Last Friday's market action was about what I'd expect in the more typical panic-driven mini-selloff; smaller names suffered the brunt of the damage. While large-caps, as measured by the S&P 500, were down nearly 2.3%, their smaller cousins were hit harder as the Russell 2000 and Russell Microcap Indexes fell 3.41% and 3.46%, respectively.
The Russell 2000 Value Index suffered even greater damage, dropping 3.92%. You typically expect the smaller, more speculative names to get hit harder in a selloff, but in the Twilight Zone that is 2021, that has not always been the case. During the down days of 2021, I've seen several occasions where smaller names have held up pretty well relative to the big guys. The selloffs that are most frightening and most real (at least in my view) are what we saw on Friday as investors ditch smaller names first. We don't know if this is the beginning of a market drawdown or just typical Black Friday market action put on steroids by fear of the latest COVID variant, but buckle up for what could be a wild end to 2021.
Travel stocks were among last Friday's biggest sufferers, in particular cruise stocks. Royal Caribbean Cruises (RCL) (down 13.2%), Norwegian Cruise Line Holdings (NCLH) (down 11.4%) and Carnival Corp. (CCL) (down 11%) suffered similar fates. Carnival, which I believe is still overvalued due big changes to its capital structure, including massive debt and equity issuance during the pandemic in order to survive, was up a bit in early trading here on Monday morning. I still don't see how you can make the long case for the stock at these levels.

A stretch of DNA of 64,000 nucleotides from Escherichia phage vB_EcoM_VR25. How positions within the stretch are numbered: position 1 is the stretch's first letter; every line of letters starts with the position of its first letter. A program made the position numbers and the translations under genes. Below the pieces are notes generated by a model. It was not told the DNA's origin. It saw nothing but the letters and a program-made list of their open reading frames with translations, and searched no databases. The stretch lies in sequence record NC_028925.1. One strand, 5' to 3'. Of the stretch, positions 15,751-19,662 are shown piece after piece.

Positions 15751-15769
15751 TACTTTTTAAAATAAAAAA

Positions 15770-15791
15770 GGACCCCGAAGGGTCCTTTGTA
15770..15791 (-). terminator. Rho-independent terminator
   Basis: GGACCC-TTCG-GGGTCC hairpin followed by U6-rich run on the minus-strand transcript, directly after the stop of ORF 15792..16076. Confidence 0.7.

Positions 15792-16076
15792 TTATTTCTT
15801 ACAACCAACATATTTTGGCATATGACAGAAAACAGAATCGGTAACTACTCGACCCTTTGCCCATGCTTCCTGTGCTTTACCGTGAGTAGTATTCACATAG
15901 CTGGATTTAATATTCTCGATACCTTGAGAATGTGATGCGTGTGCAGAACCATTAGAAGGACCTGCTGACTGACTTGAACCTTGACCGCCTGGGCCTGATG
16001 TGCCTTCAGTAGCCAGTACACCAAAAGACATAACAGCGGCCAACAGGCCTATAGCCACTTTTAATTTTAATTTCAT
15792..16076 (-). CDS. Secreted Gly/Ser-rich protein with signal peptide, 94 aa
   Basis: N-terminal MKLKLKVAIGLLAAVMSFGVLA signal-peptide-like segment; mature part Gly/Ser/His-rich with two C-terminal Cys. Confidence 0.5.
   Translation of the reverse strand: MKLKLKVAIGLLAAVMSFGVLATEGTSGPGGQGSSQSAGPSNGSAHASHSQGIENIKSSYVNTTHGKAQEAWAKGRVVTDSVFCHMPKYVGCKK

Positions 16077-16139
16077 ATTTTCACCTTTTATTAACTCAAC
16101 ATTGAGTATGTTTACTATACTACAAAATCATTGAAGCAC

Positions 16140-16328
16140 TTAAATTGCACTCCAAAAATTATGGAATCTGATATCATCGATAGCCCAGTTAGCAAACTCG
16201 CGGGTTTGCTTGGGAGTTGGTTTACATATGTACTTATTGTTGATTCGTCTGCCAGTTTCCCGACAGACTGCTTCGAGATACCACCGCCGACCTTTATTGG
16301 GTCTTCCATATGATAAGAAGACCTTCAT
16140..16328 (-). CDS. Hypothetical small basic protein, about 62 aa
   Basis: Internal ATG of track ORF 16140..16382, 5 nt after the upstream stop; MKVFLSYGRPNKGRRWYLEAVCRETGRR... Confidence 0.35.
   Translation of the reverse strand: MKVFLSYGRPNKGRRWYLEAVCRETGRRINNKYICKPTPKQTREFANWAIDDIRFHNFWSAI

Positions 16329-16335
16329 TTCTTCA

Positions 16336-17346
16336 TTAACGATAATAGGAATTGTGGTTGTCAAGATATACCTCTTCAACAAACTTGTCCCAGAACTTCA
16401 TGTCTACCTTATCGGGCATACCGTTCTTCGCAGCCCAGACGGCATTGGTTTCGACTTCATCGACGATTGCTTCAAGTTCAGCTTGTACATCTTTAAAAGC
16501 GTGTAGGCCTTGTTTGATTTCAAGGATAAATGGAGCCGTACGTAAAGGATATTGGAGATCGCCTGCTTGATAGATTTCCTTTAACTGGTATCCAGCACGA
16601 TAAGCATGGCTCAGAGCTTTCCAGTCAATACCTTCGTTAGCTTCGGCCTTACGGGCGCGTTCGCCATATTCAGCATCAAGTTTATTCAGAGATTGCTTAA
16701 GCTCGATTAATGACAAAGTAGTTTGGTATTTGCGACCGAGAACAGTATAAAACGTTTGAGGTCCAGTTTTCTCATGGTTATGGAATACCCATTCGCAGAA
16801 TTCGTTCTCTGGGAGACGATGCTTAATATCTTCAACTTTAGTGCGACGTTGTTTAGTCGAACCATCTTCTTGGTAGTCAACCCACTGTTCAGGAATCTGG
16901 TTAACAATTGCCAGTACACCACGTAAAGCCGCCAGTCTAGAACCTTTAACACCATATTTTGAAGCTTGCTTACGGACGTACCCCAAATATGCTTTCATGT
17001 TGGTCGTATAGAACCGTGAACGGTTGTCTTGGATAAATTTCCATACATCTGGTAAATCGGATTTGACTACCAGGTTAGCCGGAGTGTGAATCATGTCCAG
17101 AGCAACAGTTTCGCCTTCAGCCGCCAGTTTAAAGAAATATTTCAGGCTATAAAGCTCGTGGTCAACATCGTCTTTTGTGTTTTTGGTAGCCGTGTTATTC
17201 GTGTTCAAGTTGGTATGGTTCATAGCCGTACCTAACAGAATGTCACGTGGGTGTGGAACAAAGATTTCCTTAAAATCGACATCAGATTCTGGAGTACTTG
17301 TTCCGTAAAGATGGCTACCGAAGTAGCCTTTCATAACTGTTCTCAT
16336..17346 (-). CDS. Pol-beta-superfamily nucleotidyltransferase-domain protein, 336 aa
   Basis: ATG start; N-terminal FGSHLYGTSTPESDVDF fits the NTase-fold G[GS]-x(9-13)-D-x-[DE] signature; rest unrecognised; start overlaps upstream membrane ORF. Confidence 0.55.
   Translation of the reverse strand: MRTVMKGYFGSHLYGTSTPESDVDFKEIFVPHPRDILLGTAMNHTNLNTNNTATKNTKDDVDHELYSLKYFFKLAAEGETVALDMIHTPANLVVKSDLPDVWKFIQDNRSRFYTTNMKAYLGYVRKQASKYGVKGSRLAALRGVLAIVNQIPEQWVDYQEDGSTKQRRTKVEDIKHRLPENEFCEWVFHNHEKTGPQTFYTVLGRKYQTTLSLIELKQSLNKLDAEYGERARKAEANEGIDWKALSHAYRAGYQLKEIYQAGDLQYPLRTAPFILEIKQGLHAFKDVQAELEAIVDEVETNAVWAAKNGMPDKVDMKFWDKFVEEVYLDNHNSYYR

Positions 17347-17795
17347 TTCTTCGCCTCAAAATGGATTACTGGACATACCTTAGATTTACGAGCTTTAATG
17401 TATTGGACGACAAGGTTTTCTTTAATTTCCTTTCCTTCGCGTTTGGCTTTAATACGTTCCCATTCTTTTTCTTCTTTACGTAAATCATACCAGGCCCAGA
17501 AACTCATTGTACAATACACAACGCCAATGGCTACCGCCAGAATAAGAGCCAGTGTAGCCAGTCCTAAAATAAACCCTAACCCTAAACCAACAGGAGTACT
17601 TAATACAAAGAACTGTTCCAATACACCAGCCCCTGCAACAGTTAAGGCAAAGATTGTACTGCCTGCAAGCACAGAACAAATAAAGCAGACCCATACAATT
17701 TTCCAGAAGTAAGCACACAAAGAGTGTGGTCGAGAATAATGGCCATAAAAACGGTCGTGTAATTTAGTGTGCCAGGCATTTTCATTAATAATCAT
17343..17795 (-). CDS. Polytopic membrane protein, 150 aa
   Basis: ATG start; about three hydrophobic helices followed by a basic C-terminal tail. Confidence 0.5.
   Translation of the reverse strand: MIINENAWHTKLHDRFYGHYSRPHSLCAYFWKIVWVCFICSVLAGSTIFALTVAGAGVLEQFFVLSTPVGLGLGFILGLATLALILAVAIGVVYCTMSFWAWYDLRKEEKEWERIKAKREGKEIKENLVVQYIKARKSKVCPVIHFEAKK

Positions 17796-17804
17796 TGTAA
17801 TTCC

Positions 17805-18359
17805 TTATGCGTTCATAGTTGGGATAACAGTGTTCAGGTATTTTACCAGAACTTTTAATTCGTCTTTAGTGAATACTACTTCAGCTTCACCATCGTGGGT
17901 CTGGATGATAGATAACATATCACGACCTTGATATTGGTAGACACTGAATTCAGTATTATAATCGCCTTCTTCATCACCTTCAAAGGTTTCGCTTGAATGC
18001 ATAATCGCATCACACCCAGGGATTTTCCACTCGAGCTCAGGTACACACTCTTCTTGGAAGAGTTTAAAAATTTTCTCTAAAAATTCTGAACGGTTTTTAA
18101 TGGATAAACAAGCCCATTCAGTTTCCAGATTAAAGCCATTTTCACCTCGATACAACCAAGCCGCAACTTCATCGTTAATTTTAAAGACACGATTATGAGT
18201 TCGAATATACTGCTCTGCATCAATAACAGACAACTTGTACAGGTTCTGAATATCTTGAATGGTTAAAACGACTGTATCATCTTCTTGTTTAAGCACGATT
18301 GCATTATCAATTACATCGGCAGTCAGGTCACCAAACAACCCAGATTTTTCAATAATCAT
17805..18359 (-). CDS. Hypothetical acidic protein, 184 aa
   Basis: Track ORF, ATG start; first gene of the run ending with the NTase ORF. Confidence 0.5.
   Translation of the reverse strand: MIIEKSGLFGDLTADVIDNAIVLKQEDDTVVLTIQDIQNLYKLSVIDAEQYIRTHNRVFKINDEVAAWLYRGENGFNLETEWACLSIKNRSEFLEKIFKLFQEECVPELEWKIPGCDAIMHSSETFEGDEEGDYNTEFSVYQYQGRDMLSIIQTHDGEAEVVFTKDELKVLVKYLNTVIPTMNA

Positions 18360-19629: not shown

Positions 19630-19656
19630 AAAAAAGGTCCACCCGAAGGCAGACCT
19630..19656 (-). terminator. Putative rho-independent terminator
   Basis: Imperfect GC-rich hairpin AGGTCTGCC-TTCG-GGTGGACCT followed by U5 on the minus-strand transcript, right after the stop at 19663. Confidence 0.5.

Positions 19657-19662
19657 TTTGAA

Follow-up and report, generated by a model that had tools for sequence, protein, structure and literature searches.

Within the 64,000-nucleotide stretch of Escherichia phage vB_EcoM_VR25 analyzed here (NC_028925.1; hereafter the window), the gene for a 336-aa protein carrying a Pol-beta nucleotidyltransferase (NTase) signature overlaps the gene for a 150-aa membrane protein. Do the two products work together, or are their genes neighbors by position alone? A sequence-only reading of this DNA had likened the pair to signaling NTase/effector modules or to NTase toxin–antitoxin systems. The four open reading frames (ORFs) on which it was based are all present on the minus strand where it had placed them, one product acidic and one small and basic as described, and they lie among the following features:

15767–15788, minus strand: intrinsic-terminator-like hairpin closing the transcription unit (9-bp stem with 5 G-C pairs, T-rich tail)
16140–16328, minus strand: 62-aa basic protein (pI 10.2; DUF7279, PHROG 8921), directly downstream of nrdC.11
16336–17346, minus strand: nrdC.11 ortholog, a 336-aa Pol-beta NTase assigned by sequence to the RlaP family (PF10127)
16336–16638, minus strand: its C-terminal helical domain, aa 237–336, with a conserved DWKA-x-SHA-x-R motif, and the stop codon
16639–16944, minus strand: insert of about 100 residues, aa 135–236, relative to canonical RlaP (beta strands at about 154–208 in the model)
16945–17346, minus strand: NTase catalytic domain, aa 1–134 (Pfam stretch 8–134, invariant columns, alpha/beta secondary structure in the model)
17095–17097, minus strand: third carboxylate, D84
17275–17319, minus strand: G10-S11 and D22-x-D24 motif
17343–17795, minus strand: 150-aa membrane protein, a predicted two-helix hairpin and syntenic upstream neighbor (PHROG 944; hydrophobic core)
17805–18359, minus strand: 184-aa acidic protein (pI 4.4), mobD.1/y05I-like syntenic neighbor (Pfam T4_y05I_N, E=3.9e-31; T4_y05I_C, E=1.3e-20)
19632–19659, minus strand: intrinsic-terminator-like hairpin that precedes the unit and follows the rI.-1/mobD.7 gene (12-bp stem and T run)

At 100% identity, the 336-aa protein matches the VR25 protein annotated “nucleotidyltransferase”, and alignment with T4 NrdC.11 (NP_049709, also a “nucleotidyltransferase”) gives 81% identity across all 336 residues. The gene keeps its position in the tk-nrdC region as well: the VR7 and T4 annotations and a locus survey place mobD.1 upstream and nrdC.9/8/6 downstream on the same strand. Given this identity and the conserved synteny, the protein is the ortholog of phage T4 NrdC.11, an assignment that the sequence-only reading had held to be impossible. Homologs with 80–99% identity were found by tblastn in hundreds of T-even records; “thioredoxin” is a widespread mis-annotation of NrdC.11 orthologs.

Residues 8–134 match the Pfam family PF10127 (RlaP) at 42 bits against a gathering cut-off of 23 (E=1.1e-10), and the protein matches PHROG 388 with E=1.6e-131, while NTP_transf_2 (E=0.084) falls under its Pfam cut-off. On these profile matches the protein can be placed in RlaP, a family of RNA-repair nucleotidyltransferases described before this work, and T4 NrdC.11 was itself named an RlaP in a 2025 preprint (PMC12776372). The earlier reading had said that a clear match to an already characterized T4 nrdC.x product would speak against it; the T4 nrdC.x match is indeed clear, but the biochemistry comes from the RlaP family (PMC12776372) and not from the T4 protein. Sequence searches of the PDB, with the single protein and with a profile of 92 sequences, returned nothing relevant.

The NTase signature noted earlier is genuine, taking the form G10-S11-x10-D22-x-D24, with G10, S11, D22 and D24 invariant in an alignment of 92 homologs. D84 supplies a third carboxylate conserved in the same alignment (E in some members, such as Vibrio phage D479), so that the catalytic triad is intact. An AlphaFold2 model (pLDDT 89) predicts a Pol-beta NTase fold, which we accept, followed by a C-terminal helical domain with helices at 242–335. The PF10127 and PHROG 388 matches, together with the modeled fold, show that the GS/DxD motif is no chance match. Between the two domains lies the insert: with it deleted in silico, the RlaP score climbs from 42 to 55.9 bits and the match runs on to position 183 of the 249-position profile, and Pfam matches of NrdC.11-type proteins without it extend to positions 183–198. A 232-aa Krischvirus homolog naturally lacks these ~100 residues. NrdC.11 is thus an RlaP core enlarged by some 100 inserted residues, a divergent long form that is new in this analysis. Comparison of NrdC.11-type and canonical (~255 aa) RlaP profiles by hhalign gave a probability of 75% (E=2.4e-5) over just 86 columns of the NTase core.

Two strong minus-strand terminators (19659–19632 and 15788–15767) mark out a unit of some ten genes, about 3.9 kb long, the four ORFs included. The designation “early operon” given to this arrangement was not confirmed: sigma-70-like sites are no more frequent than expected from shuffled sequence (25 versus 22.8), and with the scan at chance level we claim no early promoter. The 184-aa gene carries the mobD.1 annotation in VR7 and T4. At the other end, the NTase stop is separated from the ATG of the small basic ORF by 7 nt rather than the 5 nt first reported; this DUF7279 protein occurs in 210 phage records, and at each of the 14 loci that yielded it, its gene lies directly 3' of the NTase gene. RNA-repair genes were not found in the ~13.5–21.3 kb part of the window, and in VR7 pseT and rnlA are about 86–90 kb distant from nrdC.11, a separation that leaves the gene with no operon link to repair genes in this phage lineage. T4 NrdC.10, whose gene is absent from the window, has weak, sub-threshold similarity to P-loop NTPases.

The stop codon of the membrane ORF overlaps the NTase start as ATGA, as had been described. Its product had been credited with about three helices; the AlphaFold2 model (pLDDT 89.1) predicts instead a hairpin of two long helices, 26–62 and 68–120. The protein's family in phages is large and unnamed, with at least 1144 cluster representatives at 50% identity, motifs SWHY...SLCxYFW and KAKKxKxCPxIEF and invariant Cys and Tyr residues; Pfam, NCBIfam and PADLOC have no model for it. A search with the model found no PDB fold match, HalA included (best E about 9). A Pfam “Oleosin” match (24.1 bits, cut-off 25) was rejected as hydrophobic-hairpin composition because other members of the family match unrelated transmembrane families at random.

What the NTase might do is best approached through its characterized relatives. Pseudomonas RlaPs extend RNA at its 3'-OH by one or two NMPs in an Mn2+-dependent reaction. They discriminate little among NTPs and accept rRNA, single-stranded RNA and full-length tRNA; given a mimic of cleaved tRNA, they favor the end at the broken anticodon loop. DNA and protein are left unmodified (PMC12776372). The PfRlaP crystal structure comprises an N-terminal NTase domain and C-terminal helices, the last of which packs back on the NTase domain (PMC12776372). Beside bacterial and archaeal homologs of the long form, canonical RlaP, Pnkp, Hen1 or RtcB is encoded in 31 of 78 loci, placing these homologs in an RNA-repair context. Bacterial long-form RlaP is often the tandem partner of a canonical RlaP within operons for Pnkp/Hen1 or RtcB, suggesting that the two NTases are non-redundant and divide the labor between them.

Meanwhile, as inflation becomes the buzzword for 2021, silver's price action has been a bit surprising and disappointing. Year to date, the "poor man's gold" is actually down 11%, while Sprott Physical Silver Trust (PSLV) is down 13.5%. Yet, physical silver, as represented by a $100 bag of "junk" silver coins, which contain 71.5 ounces of silver, will still set you back about $2,172 -- that is, if you can source it. That's the equivalent of $30.38 an ounce, a 30% premium to the silver spot price. That's a much smaller premium than we saw at the outset of the pandemic, when silver fell to about $12.50 an ounce, an 11-year low, in late March 2020, but it's still considerable. One difference between now and March 2020, when the pandemic was new and there was no vaccine yet, is the onset of inflation.